There is an important and developing line of authority concluding that the Federal Aviation Act of 1958 (FAA) and the associated regulatory regime set forth in the Federal Aviation Regulations (FARs) establish Congress’s intent to occupy the entire field of air safety and thereby preempt product-liability claims arising from aviation accidents. See Sikkelee v. Precision Airmotive Corp., 45 F. Supp. 3d 431 (M.D. Pa. 2014); Becker v. Forward Techs., Inc., ___ P.3d ___, 2015 WL 9461623 (Wa. Ct. App. Dec. 28, 2015); Bowe v. Air Methods Corp., No. 2015 CV 30147, 2016 WL 95979 (Colo. Dist. Ct. Jan. 5, 2016).
It is beyond the scope of this article to examine all of these decisions. Instead, our discussion addresses certain issues germane to the appeal before the U.S. Court of Appeals for the Third Circuit in Sikkelee, No. 14-1493 (argued June 24, 2015), and the Bowe decision.
Sikkelee involved a wrongful-death lawsuit against the Lycoming Engines Division of AVCO Corp., which manufactured the engine installed on the Cessna 172N Skyhawk piloted by the decedent when it crashed. The plaintiff alleged that an engine fuel delivery system (carburetor) defect caused the crash.
Lycoming moved for summary judgment. The court granted summary judgment on all but one of the plaintiff’s claims of product defect after finding that the type certificate issued to the engine manufacturer established that the manufacturer complied with the applicable federal standard. The court found that it was bound by the Third Circuit decision in Abdullah v. American Airlines, Inc., 181 F.3d 363 (3d Cir. 1999), which involved personal-injury lawsuits against an airline arising out of a severe turbulence incident. Sikkelee, 45 F. Supp. 3d at 447. The Abdullah court had found that “any state or territorial standards of care relating to aviation safety are federally preempted.” 181 F.3d at 371. The issue whether federal standards of care govern aviation product-liability claims has been fully briefed in Sikkelee and is awaiting decision by the Third Circuit.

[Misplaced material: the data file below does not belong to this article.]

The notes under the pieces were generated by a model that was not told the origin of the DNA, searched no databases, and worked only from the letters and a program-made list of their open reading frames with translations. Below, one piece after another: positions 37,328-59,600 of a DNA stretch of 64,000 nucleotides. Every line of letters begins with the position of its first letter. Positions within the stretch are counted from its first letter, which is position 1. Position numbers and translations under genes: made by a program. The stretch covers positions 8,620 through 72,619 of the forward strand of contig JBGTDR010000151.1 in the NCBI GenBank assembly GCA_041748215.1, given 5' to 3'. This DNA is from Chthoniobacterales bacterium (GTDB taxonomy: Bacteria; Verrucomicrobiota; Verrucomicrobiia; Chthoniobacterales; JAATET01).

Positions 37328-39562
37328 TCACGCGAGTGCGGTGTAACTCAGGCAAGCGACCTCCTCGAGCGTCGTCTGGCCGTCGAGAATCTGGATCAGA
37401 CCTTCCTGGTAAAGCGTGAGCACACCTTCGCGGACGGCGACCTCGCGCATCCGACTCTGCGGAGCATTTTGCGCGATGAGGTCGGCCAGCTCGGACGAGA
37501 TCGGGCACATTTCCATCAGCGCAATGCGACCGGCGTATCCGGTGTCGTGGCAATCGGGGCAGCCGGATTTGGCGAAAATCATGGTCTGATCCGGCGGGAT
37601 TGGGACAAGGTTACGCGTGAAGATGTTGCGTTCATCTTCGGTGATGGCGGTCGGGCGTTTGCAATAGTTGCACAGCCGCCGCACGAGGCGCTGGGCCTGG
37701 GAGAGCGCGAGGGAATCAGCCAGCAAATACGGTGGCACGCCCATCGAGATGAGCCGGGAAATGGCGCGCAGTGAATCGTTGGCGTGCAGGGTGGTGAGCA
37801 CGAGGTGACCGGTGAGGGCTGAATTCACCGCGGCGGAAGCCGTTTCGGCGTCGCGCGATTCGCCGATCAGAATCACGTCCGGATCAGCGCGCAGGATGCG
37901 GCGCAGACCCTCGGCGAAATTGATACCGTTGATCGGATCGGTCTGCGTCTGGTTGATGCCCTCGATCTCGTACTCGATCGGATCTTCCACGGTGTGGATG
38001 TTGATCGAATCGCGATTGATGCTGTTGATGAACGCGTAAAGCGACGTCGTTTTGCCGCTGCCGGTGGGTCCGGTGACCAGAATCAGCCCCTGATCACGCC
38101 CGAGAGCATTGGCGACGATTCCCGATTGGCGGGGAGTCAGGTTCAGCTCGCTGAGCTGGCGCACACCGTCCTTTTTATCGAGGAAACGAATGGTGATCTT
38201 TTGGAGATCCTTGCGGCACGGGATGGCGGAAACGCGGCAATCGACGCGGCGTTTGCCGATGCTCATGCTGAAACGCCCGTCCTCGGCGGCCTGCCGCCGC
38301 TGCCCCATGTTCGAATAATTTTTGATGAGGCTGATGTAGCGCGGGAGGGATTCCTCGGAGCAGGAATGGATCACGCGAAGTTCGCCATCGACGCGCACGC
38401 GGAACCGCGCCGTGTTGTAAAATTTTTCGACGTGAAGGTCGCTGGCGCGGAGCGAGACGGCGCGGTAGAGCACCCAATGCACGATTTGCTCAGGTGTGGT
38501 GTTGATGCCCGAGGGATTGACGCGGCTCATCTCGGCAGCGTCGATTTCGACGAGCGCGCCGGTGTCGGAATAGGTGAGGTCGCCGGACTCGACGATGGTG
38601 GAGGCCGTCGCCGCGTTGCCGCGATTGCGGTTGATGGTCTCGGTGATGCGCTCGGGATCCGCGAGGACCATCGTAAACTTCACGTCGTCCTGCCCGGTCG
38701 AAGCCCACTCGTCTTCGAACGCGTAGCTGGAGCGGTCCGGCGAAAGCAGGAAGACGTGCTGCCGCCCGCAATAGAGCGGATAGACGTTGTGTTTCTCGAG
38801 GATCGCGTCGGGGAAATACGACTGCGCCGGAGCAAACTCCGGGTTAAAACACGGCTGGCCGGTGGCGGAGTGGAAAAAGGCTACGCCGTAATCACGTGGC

Bowe involved the crash of an Airbus AS350B3e model helicopter. The plaintiffs, who were injured in the crash, brought suit against, inter alia, defendants Airbus Helicopters, Inc. and Airbus Helicopters SAS, asserting alleged design-defect and failure-to-warn claims relating to the helicopter’s systems and operating instructions.
The defendants moved to dismiss for failure to state a claim upon which relief can be granted, arguing that a federal standard of care, not the alleged state tort standards, must be applied to the plaintiffs’ claims.
The court noted that a number of federal circuit courts, including the Tenth Circuit, had concluded that the entire field of aviation safety is preempted by federal law. The court found that the Tenth Circuit decision in US Airways, Inc. v. O’Donnell, 627 F.3d 1318 (10th Cir. 2010) had “very clearly reasoned that ‘the comprehensive regulatory scheme promulgated pursuant to the FAA evidences the intent for federal law to occupy the field of aviation safety exclusively.’” Bowe, 2016 WL 95979, at *3 (quoting US Airways, 627 F.3d at 1327). The court rejected the plaintiffs’ argument that it should rely on Cleveland ex rel. Cleveland v. Piper Aircraft Corp., 985 F.2d 1438, 1444 (10th Cir. 1993), a product defect case which had found that Congress did not indicate “‘a clear and manifest’ intent to occupy the field of airplane safety to the exclusion of state common law.” The court concluded that Cleveland had been called into question and disregarded it as “outdated.” Bowe, 2016 WL 95979, at *4.
The Bowe court ruled that
Plaintiffs’ claims in this case concerning the design, certification, flight and performance characteristics and operating instructions of the AS350B3e model helicopter involved in the accident are preempted by federal regulations. The FAA and FARs establish the standard of care for these claims. Since none of the counts in Plaintiffs’ Complaint against [defendants] are based on a violation of a FARs [sic] or a federal standard of care, each count could be dismissed for failure to state a claim upon which relief can be granted.
Id. at *5.
On January 19, 2016, the plaintiffs moved for reconsideration or, alternatively, for certification to file an interlocutory appeal about whether state laws that seek to regulate air safety are preempted by the FAA.
The development of this line of authority, including the outcome of the Sikkelee appeal, could have a profound impact on future mass-accident litigation and product-liability claims.